The average bag you pick up at the grocery store or carry your takeout in has a lifespan of about 12 minutes. When discarded, they clog sewage and storm drains, entangle and kill an estimated 100,000 marine mammals every year, and degenerate into toxic microplastics that fester in our oceans and landfills for up to 1,000 years.
Despite this, shoppers collectively use around 500 billion single-use plastic bags every year. That’s 150 bags per person, per year, for every single person on Earth — or enough to circle the globe 4,200 times. Luckily, we’re starting to see communities around the U.S., and the world, mobilize to reduce waste by banning, taxing, or otherwise limiting the use of these plastic bags.
ReuseThisBag.com wanted to take a big-picture look at where legislation has been passed, and what its effects have been. Which cities in the US are leading the way for plastic bag bans? Internationally, which countries have made the most significant push?
Summary of Key Takeaways
- In the U.S., only 2 states (CA and HI) have banned plastic bags on a statewide level
- 4 U.S. states (DE, ME, RI, NY) have mandatory recycling or reuse programs in place
- 10 U.S. states (AZ, FL, IA, ID, IN, MI, MN, MO, MS, WI) have places preemptive bans on banning plastic bags.
- ~200 U.S. municipalities have banned or taxed plastic bags; outcomes have been largely positive, including:
- San Jose, CA: Reduction of plastic bags in storm drains (89%), rivers (60%), and residential areas (59%); average # of bags per person reduced from 3 to 0.3.
- San Francisco, CA: Savings of up to $600k per year in plastic processing fees.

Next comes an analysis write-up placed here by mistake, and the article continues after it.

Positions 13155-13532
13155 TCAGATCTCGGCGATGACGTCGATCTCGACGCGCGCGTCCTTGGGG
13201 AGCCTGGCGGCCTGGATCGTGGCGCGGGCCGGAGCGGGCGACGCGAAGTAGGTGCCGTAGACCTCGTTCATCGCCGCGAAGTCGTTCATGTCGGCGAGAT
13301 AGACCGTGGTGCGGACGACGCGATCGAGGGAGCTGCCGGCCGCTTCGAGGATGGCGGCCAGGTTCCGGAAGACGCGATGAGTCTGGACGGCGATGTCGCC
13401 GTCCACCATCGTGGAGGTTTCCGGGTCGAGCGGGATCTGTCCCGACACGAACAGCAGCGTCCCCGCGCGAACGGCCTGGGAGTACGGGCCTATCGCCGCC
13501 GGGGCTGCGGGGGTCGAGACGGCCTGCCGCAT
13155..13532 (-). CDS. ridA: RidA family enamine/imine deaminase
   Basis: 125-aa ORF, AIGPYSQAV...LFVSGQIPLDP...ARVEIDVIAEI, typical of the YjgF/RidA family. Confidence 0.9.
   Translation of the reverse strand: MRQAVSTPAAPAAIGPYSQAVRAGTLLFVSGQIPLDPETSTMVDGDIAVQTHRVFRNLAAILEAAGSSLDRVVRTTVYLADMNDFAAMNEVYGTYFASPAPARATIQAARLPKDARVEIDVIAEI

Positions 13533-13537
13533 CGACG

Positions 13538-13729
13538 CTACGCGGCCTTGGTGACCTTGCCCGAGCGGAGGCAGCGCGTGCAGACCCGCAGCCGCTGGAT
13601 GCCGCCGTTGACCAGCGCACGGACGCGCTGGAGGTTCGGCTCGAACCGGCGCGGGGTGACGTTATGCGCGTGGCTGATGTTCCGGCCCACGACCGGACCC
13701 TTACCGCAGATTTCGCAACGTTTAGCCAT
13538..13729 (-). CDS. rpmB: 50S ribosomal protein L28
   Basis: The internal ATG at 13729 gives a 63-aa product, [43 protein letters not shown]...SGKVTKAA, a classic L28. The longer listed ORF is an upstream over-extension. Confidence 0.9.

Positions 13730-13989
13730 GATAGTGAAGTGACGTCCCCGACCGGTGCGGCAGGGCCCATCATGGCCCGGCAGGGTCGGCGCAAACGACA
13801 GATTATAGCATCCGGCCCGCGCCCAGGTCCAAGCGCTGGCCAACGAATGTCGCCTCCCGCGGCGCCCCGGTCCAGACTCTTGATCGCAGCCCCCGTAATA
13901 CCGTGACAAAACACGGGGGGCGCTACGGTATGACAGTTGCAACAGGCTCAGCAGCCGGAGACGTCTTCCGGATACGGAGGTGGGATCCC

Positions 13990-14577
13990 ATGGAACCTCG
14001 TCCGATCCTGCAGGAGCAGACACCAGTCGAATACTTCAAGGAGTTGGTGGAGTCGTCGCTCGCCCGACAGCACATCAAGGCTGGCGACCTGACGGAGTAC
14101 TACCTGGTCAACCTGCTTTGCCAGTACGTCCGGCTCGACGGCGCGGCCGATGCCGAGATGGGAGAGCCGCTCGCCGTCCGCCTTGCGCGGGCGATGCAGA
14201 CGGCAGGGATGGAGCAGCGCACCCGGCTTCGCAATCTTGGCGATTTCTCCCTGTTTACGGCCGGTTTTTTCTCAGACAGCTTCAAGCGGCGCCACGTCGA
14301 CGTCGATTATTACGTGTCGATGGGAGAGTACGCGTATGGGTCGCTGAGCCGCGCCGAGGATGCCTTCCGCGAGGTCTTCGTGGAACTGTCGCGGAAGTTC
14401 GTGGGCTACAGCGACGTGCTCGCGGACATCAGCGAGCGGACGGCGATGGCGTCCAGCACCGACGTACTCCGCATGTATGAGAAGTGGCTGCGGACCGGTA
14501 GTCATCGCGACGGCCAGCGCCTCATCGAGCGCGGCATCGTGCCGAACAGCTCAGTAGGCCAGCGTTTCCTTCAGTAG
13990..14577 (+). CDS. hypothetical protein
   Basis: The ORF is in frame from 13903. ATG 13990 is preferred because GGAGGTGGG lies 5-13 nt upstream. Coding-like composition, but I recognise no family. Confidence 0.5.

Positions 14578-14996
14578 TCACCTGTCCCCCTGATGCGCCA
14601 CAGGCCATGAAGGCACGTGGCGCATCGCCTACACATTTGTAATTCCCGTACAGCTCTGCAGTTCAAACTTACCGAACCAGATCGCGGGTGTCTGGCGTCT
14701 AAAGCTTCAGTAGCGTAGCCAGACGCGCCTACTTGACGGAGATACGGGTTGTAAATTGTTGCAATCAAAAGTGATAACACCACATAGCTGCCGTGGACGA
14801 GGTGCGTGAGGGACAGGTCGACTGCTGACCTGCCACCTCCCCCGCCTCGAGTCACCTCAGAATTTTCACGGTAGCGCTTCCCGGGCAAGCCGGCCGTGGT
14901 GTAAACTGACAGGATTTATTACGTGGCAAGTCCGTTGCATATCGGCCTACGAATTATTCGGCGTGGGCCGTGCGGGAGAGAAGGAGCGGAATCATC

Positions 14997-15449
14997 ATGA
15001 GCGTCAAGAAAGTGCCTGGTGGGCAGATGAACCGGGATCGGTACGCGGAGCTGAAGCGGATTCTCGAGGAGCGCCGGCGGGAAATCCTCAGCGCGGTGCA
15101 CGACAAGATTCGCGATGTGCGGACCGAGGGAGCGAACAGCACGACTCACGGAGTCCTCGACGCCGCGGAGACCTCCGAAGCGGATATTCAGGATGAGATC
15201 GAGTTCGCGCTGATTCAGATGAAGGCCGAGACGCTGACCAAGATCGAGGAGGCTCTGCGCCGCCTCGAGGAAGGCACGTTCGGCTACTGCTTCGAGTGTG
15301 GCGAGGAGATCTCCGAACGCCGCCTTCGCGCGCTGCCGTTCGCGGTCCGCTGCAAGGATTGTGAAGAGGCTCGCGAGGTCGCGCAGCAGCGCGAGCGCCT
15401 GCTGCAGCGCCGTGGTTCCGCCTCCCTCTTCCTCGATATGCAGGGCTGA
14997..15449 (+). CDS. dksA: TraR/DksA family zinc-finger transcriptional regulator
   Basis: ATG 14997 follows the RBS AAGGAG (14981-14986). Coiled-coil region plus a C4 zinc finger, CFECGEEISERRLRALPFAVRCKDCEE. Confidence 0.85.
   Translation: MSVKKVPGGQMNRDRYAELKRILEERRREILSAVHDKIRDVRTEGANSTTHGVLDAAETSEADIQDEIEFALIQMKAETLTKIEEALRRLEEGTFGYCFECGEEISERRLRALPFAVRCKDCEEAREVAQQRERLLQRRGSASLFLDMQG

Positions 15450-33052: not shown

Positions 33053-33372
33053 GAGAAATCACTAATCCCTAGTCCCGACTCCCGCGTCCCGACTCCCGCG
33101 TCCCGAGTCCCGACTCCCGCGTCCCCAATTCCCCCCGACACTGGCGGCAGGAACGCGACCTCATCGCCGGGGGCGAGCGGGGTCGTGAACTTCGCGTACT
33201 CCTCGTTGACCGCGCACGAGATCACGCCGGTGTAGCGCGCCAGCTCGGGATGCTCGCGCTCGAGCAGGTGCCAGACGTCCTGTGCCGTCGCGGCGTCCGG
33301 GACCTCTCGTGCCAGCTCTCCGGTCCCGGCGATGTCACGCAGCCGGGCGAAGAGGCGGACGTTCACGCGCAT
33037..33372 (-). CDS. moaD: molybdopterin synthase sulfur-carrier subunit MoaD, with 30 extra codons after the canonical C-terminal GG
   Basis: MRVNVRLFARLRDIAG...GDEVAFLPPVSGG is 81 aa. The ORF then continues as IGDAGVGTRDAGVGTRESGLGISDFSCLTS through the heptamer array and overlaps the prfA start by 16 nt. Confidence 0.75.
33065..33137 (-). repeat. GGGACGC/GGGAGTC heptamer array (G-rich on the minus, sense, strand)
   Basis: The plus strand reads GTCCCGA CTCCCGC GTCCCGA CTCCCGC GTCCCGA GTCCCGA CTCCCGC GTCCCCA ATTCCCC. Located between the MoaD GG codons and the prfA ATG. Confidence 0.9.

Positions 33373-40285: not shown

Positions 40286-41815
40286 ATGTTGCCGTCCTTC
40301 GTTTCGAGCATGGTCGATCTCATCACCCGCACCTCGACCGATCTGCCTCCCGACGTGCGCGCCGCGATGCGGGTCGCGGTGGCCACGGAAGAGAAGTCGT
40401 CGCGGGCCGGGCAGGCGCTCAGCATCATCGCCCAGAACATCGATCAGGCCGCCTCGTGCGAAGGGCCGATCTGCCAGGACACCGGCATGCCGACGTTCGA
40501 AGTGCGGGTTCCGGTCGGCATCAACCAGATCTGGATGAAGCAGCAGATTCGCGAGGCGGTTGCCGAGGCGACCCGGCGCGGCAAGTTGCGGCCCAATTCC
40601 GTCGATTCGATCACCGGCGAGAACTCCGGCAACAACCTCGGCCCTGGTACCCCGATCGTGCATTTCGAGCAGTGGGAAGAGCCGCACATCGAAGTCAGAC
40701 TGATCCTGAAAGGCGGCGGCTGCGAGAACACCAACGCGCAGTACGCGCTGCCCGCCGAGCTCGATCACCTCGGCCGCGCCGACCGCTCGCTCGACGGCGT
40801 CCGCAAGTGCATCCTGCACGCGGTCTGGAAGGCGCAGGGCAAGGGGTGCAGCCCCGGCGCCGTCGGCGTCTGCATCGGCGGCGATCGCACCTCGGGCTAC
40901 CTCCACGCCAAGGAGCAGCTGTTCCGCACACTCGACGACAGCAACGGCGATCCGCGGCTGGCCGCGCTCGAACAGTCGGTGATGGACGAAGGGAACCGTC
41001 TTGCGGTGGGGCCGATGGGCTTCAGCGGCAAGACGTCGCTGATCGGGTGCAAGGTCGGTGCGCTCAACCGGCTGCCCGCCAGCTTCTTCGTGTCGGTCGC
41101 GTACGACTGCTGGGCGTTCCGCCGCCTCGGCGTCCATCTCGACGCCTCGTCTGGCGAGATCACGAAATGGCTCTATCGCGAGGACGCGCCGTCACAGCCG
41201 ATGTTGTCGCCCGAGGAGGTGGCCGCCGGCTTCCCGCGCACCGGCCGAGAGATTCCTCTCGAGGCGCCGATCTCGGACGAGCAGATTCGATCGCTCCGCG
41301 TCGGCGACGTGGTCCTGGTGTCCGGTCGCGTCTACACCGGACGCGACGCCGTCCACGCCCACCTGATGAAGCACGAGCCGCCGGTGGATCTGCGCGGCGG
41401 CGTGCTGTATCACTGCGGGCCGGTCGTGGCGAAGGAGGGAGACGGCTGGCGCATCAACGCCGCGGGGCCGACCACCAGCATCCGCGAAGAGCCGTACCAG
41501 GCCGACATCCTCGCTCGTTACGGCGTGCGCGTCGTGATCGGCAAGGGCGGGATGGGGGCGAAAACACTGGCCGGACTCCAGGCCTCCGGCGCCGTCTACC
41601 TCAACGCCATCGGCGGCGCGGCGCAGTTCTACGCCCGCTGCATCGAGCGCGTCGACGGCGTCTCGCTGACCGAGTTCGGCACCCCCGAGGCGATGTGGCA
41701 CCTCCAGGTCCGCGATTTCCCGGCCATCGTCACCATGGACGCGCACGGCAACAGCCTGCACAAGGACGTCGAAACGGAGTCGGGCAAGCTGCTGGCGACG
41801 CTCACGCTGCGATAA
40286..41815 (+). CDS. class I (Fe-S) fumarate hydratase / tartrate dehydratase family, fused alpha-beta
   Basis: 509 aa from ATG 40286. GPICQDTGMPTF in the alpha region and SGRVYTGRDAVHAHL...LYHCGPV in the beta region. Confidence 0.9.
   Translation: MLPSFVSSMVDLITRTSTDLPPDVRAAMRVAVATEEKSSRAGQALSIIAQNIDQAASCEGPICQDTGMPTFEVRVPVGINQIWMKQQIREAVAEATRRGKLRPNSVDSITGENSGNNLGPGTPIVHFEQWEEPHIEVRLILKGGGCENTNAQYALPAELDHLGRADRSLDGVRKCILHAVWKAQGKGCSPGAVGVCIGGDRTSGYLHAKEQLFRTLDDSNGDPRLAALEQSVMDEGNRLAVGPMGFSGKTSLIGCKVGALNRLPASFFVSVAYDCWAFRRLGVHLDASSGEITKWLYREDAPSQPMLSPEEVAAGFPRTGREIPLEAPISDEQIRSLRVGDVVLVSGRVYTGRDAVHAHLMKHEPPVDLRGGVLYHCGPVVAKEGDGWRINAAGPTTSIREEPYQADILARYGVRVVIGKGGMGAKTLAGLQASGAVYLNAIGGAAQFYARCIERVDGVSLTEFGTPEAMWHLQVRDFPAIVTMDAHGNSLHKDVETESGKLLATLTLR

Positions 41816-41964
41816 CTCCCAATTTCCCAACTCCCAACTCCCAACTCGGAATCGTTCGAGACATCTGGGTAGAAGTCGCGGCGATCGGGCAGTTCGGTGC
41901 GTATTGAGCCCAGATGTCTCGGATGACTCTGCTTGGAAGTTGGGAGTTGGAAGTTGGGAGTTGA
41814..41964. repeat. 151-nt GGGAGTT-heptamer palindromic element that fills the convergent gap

- Seattle, WA: Reduction of plastic bags in both residential (48%) and commercial (76%) waste.
- Globally, plastic bags are banned in 32 countries, 18 of which are in Africa
Plastic bag legislation in the US
Many lists of plastic bag bans exist online — but most are convoluted and hard to understand. In assembling our data, we drew public information from the National Conference of State Legislators and a number of state-level, and country-level reports. In America, only two states have conclusively banned single-use plastic bags: Hawaii and California.
Though Hawaii’s ban came first, it wasn’t technically a state-wide ban: all five Hawaiian islands (Big Island, Honolulu, Kauai, Maui, and Pala) individually banned plastic bags at various points — the last of which took effect in 2015. The bans, which aim to fully phase in by 2020, range in definition and severity, but generally still allow for the use of 100% recyclable plastic bags.
California passed a unilateral, state-wide ban in September of 2014, and it went into effect in November of 2016. The law bans single-use plastic bags at all large retailers, and imposed a 10-cent charge for paper bags. Before the law was passed, more than 100 California counties already had various bans in place.